PERA Board: Ego trumps reality

December 2nd, 2011 by Amy Categories: Colorado, PERA Colorado, politics No Responses
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Colorado State Treasurer Walker Stapleton, a rare voice of reason on Colorado’s Public Employees’ Retirement Association (PERA) Board of Trustees, told News Talk 1310 KFKA talk show host Amy Oliver in a recent interview that when the Board voted to maintain an unrealistic 8 percent rate of return one Board member provided the following reason, ”We can’t lower the rate of return because then we would have to explain why SB 1 didn’t solve the problem.”

The unnamed Board member referred to Senate Bill 1 passed in 2010 with support for the PERA Board of Trustees, which was supposed to bring PERA back to solvency.

Oh, the horror of admitting a mistake! Surely wounded pride is much worse than continuing PERA’s unrealistic expectations on the rate of return, which will leave taxpayers and PERA members on the hook for a massive shortfall anywhere from $21 billion to $35 billion.

Certainly it’s better to ignore industry experts and save face in the present than face the reality of PERA’s insolvency.

In a Denver Post guest editorial last spring, Stapleton courageously exposed the “hard truth” of PERA’s future if we continue with current policy:

PERA is not structurally sound, and Coloradans are on the hook should the system fail. Although the stock market recouped some of its sharp losses in 2010 and Senate Bill 1 made incremental improvements last year, PERA still maintains an unfunded liability of close to $25 billion, which is the measure of what it owes compared to its assets.

If this current and growing gap is not addressed, which Forbes magazine estimates at $15,000 for every Colorado taxpayer, the people of Colorado are ultimately responsible for funding this massive shortfall.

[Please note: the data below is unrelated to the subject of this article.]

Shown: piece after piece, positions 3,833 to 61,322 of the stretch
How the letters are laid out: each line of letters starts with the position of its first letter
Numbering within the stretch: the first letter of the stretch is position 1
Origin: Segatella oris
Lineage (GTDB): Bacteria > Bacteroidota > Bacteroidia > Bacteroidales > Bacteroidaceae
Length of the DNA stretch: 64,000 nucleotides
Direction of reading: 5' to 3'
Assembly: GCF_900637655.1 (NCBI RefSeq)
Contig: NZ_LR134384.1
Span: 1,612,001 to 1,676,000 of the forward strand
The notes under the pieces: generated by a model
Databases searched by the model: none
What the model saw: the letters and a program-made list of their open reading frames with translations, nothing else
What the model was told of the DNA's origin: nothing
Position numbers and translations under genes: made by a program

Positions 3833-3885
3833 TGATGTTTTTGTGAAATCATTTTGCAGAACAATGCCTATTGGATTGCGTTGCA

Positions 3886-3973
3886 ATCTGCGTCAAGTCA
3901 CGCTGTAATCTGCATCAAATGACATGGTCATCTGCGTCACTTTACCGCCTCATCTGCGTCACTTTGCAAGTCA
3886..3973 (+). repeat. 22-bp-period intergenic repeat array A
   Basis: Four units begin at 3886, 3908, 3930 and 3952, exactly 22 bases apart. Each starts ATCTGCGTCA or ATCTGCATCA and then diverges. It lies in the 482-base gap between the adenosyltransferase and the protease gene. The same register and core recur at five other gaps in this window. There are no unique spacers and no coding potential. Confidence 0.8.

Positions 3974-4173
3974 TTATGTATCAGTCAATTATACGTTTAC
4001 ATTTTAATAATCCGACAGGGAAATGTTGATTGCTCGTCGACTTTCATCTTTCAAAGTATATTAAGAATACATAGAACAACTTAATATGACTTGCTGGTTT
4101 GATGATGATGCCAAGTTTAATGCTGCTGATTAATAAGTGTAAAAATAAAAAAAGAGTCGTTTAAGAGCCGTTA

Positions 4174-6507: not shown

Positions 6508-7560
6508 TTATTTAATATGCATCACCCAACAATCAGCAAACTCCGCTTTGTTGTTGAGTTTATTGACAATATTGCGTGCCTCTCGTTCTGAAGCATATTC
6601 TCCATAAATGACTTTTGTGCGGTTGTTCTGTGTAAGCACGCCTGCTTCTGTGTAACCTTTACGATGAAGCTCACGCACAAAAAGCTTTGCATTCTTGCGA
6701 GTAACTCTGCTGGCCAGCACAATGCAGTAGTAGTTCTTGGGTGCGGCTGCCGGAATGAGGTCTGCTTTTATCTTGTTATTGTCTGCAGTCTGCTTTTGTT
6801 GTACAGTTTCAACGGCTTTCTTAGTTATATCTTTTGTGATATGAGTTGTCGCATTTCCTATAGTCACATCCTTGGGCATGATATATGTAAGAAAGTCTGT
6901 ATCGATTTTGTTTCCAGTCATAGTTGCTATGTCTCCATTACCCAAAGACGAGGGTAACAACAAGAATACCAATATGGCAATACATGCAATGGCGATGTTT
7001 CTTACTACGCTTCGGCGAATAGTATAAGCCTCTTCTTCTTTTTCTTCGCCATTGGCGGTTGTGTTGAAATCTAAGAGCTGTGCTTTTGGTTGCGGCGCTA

Just add that $15,000 to our current unfunded federal liabilities, which is somewhere north of $1,000,000 per taxpayer.

The eight members of the PERA Board (five voted against maintaining the 8 percent rate of return) aren’t the only ones unwilling to face reality. State Representative Sal Pace (D-Pueblo), now looking to challenge Congressman Scott Tipton in the 3rd CD, did vote against SB 1 but only because he doesn’t think PERA has a solvency problem. The Pueblo Chieftain quoted from Pace’s Web site in February 2010:

‘I voted against the proposal because I don’t believe that the problems with PERA need an immediate fix and the solutions proposed unduly placed a burden on our seniors,’ Pace said in a statement on his Web site Tuesday.

Pace noted the high concentration of PERA enrollees in Pueblo and said projections that PERA would be insolvent within 20 years don’t take into account the possibility that the slumping economy will rebound, and that a target date for solvency of 50-60 years from now (which before SB1 had been the goal) ‘would be less onerous and more fair.’

The “possibility that the slumping economy will rebound”? I keep that “possibility” right next to my unicorn feed.

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